Background: Although excellent long-term results have been reported
with cemented tibial fixation, cementless fixation as a means to improve the
longevity of total knee prostheses continues to be of interest to clinicians.
The purpose of this study was to compare outcomes between cementless tibial
fixation with hydroxyapatite and cemented tibial fixation in the first five
years following primary total knee arthroplasty.
Methods: We performed a prospective, randomized clinical trial that
included eighty-one patients with noninflammatory knee arthritis who underwent
primary total knee arthroplasty when they were less than seventy years of age.
The subjects were randomized at the time of surgery to be treated with either
cementless tibial fixation with hydroxyapatite or cemented tibial fixation.
Evaluations were performed preoperatively and at six months, one year, and
five years postoperatively by a physical therapist who was blinded to group
allocation. Self-reported pain and function, the primary outcomes, were
measured with the Western Ontario and McMaster Universities Osteoarthritis
Index (WOMAC) and the RAND 36-Item Health Survey (RAND-36). Complications and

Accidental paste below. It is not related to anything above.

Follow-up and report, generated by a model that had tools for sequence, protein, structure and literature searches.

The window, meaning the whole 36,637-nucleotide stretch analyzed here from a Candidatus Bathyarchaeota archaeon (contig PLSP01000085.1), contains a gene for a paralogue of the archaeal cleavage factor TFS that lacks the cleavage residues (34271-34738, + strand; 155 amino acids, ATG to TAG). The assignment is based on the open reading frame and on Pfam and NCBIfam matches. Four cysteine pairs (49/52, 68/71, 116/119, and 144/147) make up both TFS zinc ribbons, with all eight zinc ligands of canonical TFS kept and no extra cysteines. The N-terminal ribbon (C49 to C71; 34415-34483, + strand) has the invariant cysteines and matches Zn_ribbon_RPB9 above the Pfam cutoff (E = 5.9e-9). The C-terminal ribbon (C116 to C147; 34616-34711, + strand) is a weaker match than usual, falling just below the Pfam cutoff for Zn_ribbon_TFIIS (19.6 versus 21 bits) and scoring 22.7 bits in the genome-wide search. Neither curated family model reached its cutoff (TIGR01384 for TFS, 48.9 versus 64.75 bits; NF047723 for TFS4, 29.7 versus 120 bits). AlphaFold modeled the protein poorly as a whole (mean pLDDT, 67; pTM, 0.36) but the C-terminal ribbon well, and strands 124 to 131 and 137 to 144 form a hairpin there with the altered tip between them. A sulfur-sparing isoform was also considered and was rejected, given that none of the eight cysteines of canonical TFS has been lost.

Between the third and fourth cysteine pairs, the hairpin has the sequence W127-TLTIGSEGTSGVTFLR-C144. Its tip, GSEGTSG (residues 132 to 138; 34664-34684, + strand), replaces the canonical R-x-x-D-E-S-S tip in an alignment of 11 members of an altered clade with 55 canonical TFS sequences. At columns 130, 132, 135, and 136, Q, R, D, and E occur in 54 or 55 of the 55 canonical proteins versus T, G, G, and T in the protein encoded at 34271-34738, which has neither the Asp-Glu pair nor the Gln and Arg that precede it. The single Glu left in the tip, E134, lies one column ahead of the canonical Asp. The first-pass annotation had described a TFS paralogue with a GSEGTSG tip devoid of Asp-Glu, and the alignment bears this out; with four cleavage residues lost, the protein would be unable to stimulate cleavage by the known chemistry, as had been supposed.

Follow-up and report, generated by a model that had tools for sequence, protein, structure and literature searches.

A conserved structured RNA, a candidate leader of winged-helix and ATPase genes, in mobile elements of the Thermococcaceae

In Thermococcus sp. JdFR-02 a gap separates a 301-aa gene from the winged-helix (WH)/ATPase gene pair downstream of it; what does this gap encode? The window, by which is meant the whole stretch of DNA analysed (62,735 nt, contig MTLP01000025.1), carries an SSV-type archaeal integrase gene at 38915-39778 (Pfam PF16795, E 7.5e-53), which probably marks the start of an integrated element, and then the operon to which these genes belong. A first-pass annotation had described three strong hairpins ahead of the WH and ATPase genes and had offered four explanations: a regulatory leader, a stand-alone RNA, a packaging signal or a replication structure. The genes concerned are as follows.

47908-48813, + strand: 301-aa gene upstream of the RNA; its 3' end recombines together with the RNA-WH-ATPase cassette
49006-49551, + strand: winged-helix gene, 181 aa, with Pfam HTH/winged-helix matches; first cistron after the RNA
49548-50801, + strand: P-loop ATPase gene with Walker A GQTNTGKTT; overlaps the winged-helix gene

revision rates were determined through a review of hospital records and at
each patient evaluation. The Knee Society radiographic score was used to
evaluate plain radiographs at each assessment.
Results: Seventy subjects (86%) completed the five-year assessment.
Slightly more pain was reported in the hydroxyapatite group at six months as
measured with both the WOMAC and the RAND-36, a difference that disappeared by
one year postoperatively. No differences were seen in function, radiographic
findings, or complications. No subject required revision of the tibial
prosthesis during the study.
Conclusions: At five years postoperatively, there is no difference
between cementless tibial fixation with hydroxyapatite and cemented tibial
fixation in terms of self-reported pain, function, health-related quality of
life, postoperative complications, or radiographic scores.
Level of Evidence: Therapeutic Level I. See Instructions
to Authors for a complete description of levels of evidence.